Tag Archives: election 2016

How does it feel?

The new president was sworn in a couple of hours ago. I didn’t watch. I didn’t listen. I don’t like the sound of his voice or the look of his face and I certainly don’t like hearing any of the words that come out of his mouth.

Mabel and I ended up playing Monopoly this morning, since she’s off school and still in her pyjamas. It was delightfully retro, but it also felt a little like preparing for the new world order. There was a slight hysteria about buying hotels and snapping up property. Well, maybe just for me.

How does it feel right now? It feels confusing. In spite of my lofty aims to stay off Facebook, I’m on Facebook. I’m not looking for news, but sometimes it comes at me. The climate change page has disappeared from the White House website. So has the LGBT rights page. Are they just preparing to replace them with something even better? Something the same with the new name on it? Are they hoping we’ll forget?

Remember in Back to the Future when the guy in the 1955 diner says “Ronald Reagan? The actor?” when Marty tells him who’s president in the future? I feel like that guy, except I’ve been here the whole time. It’s still utterly surreal that someone could show up, decide to run for president, win nomination, win the electoral colleges, become president – with no experience in politics, no knowledge of how a country is run, no human decency, no integrity at all. How can that happen? How did that just happen? He said “You can do anything you want when you’re rich,” and apparently it was true.

I’ve been blogging for so long that I can tell you exactly how I felt when Dubya was re-elected. I was sorely disappointed, but then I shrugged and said that the world keeps turning.

This is different. This is not normal. This is not business as usual. The world is still turning, Obama said it’s never the end of the world until the end of the world; but it’s all wrong.

Dial it down, for the kids’ sake

When I was 11, Ronald Reagan was president of the United States. My sixth-class teacher felt strongly that we should all have a grasp of current affairs, and every morning she’d pin her newspaper up on the blackboard and have us all gather round and look through the headlines. She was a formidable woman with a strong social conscience, and CND and Greenpeace and Amnesty International were all hot topics at the time, though in spite of her efforts I personally wasn’t always exactly clear on why exactly they were in the news.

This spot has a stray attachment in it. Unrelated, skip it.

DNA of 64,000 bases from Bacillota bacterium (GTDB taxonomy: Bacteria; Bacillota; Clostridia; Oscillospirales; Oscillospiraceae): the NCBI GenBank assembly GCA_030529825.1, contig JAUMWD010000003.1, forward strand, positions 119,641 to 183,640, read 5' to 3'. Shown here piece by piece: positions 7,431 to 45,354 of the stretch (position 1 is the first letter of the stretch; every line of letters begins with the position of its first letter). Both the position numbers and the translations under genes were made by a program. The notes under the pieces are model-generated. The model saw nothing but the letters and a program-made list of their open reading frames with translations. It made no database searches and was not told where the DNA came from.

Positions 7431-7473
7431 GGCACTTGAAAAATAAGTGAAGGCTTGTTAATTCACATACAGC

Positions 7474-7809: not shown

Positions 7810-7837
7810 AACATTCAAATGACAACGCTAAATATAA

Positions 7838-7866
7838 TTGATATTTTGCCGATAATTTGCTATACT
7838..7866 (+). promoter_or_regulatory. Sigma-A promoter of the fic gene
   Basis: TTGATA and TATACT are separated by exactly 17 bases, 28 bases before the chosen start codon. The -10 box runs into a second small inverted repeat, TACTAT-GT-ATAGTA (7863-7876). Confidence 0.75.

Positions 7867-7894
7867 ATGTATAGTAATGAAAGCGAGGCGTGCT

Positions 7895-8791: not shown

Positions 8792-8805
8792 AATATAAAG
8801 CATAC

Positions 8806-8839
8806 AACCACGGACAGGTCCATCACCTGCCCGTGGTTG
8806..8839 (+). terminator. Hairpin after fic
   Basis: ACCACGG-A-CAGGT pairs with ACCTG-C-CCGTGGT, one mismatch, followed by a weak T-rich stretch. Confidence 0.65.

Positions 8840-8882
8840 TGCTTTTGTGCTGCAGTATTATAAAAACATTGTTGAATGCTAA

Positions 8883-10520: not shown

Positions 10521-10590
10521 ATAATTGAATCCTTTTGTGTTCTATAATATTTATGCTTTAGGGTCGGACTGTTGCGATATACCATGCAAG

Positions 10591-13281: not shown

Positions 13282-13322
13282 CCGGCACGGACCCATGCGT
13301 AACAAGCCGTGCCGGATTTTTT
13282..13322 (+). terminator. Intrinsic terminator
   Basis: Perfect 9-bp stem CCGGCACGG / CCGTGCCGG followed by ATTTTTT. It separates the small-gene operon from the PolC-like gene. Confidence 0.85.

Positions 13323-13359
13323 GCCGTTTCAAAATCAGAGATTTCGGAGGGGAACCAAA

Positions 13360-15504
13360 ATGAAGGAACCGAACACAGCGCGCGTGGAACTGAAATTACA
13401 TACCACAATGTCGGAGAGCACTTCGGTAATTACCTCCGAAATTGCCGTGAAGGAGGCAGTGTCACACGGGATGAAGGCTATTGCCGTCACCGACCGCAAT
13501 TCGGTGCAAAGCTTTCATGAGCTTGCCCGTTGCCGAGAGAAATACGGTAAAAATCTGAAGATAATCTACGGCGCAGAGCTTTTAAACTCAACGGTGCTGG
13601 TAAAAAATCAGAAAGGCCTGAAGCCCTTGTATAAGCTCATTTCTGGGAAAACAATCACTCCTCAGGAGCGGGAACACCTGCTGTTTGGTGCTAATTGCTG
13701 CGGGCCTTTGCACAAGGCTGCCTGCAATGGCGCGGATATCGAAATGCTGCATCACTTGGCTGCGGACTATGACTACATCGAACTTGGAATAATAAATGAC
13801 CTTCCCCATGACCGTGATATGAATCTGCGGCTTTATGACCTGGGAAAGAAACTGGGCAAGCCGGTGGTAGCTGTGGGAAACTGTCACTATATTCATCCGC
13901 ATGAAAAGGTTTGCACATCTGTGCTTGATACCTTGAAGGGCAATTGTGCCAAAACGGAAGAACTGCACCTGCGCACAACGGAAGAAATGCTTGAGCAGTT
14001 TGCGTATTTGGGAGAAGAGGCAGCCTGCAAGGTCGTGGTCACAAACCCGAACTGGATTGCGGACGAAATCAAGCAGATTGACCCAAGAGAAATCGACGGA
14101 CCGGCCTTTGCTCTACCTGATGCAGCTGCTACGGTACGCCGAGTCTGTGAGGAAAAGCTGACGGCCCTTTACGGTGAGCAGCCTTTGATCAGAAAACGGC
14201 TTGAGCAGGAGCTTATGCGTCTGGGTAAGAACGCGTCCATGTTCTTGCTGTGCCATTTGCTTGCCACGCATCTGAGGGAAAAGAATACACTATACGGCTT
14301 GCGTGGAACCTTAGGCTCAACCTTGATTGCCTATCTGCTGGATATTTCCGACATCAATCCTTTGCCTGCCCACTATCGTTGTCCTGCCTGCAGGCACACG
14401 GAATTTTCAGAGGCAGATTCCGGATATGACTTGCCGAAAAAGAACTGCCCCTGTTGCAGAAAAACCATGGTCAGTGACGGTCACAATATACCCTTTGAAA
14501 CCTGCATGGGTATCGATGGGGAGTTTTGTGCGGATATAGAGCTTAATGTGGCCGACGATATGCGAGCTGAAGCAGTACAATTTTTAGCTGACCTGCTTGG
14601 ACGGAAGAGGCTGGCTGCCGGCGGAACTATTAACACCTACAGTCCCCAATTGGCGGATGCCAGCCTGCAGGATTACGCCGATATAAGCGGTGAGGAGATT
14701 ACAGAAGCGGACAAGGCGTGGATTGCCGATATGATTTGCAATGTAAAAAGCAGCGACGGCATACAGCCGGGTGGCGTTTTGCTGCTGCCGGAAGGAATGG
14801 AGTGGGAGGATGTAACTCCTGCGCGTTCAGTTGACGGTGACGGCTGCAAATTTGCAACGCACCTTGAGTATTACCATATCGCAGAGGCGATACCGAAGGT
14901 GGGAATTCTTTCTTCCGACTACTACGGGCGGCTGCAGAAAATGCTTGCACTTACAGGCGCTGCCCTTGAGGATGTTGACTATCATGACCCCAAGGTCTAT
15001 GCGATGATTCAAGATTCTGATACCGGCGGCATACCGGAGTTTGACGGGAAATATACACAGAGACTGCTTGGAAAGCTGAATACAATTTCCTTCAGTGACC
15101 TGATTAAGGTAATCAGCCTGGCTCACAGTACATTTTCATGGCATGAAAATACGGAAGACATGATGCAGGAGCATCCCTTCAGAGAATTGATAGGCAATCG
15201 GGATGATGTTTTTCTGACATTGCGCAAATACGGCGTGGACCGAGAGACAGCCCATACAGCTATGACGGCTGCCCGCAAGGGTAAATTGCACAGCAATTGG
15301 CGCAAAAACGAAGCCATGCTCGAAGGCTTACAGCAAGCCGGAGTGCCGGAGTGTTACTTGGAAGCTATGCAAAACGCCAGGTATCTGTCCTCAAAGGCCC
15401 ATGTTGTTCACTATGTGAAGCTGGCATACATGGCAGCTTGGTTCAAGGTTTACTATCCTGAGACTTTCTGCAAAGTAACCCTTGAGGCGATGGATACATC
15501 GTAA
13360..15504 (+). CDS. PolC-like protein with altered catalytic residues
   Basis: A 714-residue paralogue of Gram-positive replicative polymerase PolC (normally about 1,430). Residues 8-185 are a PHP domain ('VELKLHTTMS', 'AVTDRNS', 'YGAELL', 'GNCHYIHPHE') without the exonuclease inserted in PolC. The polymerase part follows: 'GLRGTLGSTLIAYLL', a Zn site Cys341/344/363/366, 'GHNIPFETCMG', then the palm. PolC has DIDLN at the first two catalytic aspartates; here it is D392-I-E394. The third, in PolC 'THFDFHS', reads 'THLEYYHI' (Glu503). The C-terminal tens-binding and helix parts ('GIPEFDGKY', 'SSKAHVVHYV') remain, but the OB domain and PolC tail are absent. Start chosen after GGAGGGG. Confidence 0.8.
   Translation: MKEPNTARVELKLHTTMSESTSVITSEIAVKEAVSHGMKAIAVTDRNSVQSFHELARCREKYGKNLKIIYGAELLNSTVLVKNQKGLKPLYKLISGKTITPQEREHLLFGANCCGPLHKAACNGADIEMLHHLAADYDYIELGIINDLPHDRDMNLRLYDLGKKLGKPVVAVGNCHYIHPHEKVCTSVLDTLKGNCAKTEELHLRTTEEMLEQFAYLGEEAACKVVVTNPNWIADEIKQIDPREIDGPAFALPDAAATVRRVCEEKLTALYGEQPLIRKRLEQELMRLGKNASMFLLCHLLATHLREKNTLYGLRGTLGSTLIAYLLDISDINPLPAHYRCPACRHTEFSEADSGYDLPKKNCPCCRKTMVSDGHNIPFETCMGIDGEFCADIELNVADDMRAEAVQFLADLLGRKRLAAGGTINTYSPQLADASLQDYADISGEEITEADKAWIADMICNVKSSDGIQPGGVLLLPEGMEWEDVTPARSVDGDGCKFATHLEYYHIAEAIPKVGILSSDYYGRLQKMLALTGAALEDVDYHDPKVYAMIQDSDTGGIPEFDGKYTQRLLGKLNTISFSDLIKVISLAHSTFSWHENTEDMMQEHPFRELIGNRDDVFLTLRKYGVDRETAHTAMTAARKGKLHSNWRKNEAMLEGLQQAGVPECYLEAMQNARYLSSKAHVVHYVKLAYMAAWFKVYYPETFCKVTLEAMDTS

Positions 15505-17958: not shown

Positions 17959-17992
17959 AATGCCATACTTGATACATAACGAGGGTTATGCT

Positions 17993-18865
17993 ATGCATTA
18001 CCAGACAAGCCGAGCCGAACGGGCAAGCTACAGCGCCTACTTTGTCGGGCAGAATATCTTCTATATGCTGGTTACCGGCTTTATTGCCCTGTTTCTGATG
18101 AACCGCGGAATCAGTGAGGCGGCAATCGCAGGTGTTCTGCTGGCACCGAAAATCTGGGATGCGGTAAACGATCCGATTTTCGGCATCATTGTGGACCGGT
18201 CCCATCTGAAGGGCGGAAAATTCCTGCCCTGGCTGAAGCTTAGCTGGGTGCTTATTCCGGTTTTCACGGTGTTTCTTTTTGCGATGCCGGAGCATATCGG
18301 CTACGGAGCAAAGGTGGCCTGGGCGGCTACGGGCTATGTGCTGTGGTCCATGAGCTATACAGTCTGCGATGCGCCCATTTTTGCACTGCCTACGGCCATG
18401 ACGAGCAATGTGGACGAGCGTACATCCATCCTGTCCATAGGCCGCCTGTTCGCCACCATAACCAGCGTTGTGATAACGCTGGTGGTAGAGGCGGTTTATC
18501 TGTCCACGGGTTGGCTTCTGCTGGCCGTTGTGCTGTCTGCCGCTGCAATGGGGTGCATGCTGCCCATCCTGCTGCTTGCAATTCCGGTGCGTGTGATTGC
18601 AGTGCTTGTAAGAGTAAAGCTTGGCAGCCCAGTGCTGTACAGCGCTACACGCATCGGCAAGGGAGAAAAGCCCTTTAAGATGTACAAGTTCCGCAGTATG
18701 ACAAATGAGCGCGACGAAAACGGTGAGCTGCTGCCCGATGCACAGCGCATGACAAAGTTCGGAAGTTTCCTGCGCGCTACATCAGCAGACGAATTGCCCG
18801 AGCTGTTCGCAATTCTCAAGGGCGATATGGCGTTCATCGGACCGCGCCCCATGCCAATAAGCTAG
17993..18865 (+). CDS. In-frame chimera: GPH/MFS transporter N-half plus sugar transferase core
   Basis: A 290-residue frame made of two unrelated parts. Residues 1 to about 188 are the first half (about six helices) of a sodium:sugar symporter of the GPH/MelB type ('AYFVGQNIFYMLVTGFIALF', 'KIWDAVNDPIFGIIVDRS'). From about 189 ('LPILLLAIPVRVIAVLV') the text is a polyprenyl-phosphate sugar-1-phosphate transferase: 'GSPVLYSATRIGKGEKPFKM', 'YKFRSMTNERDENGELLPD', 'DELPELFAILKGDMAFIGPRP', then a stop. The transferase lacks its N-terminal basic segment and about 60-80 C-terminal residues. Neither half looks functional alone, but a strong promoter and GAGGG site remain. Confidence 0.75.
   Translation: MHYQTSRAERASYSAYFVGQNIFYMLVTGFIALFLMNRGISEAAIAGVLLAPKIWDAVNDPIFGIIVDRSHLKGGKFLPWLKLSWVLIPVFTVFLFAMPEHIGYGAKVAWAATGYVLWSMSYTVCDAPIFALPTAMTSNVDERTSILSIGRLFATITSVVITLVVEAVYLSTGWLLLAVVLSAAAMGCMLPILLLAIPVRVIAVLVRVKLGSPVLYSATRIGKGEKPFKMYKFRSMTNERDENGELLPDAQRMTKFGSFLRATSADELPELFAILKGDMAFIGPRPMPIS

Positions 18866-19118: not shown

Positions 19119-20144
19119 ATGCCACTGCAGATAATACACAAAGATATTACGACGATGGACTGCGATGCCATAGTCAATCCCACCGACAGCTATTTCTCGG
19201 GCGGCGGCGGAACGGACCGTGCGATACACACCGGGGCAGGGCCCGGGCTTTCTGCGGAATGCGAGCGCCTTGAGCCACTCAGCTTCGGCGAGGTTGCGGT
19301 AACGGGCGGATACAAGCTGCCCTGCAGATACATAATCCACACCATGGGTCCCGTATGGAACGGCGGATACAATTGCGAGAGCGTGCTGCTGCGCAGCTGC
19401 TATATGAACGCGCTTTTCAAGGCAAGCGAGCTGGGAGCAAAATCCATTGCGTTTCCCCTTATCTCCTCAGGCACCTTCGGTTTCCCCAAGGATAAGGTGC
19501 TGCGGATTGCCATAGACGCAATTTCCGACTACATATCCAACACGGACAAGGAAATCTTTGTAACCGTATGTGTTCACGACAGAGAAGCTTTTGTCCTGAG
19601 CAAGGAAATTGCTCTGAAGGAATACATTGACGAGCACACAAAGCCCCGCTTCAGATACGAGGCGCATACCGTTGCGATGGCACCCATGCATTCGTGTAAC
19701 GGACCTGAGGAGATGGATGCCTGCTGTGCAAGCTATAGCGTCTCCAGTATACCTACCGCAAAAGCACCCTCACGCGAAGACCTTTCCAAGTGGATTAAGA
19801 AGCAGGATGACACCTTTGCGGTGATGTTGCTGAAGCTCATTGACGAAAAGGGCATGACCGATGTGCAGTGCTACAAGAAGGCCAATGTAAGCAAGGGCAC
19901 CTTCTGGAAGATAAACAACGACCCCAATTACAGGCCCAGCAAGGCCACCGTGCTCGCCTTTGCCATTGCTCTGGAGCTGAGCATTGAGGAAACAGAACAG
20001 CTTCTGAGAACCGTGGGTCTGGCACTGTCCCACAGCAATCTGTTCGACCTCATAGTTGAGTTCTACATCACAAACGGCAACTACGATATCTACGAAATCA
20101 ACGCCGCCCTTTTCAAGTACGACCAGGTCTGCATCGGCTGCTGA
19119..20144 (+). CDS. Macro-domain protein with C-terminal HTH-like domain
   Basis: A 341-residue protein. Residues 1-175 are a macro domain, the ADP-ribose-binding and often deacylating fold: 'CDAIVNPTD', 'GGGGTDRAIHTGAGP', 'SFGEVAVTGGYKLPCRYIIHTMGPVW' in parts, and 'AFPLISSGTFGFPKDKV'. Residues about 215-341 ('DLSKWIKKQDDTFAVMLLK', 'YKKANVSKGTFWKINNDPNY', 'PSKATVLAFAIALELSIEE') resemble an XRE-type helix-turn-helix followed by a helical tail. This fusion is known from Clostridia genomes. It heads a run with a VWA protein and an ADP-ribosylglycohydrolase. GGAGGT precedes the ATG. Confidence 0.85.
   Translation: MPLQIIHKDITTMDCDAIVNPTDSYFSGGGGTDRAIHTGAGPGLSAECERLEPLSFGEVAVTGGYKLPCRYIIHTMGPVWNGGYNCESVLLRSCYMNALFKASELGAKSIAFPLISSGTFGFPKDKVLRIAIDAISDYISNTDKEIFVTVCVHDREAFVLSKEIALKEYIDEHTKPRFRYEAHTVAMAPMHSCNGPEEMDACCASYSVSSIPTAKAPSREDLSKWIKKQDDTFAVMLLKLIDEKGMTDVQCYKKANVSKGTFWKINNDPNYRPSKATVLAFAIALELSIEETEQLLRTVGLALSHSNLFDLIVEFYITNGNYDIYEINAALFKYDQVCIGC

What I remember most vividly, though, was our fear of Ronald Reagan’s finger hovering over the nuclear missile button, pointed at the USSR, with Ireland right in between the two.* Nuclear fallout wouldn’t respect Ireland’s official neutrality, and we would have no say in the matter. I don’t think I was alone in that fear – there was that Genesis video a year later, for instance – but I suspect that as children my class’s understanding of the facts and the likelihood of certain things happening might have been skewed a bit. The idea of a massive nuclear blast that would wipe out half the world, followed by a long slow nuclear winter that would horrifyingly put an end to the other half seemed like an inevitability more than a possibility to me for several years. It felt like a future we were all just politely ignoring, pretending wouldn’t happen. For quite some time it felt like a when, not a remote if.

Children have no control over the greater world around them. They hear and see more than adults expect them to, and they take in information in ways that adults can’t ever quite predict. They get scared irrationally, by things that don’t exist and things that pose no threat – and they get even more scared when the adults around them are anxious, worried, angry, and letting fly about things that nobody explains to them.

I am all for explaining things to our children, and showing them that we have strong emotions too – but I also think we should let them be children as long as possible. Their lives are full of small problems, childish worries, surmountable anxieties that look really hard from their point of view. Let’s not give them our big worries as well. Their shoulders aren’t ready.

In other words, limit the agonizing, grownups. Stop making Trump sound like the end of the world. Dial down the hyperbole at the dinner table – your kids don’t understand when you’re exaggerating for effect. They take what they hear you say as the bald truth, not melodrama because you’re that kind of person. Lie to them a little if you have to. Soften it up. Tell them everything’s going to be fine – that the government has checks and balances so that no one person can have all the power. That politicians never keep their campaign promises. It might even be true.

Help them sleep at night. There’ll be plenty of time for stark reality when they’re older.

*In hindsight, I suppose his nukes might have pointed west rather than east, to reach the USSR quicker. But then they’d be travelling over US soil. Unless they started from Alaska. Okay, I don’t know which way they’d go.

Birds in blue sky

Birds, not missiles

 

Post-election brain dump

Hello are you new here I process my feelings by writing about things. I’m not done yet, but I’ll put it all here and then we shall all move along.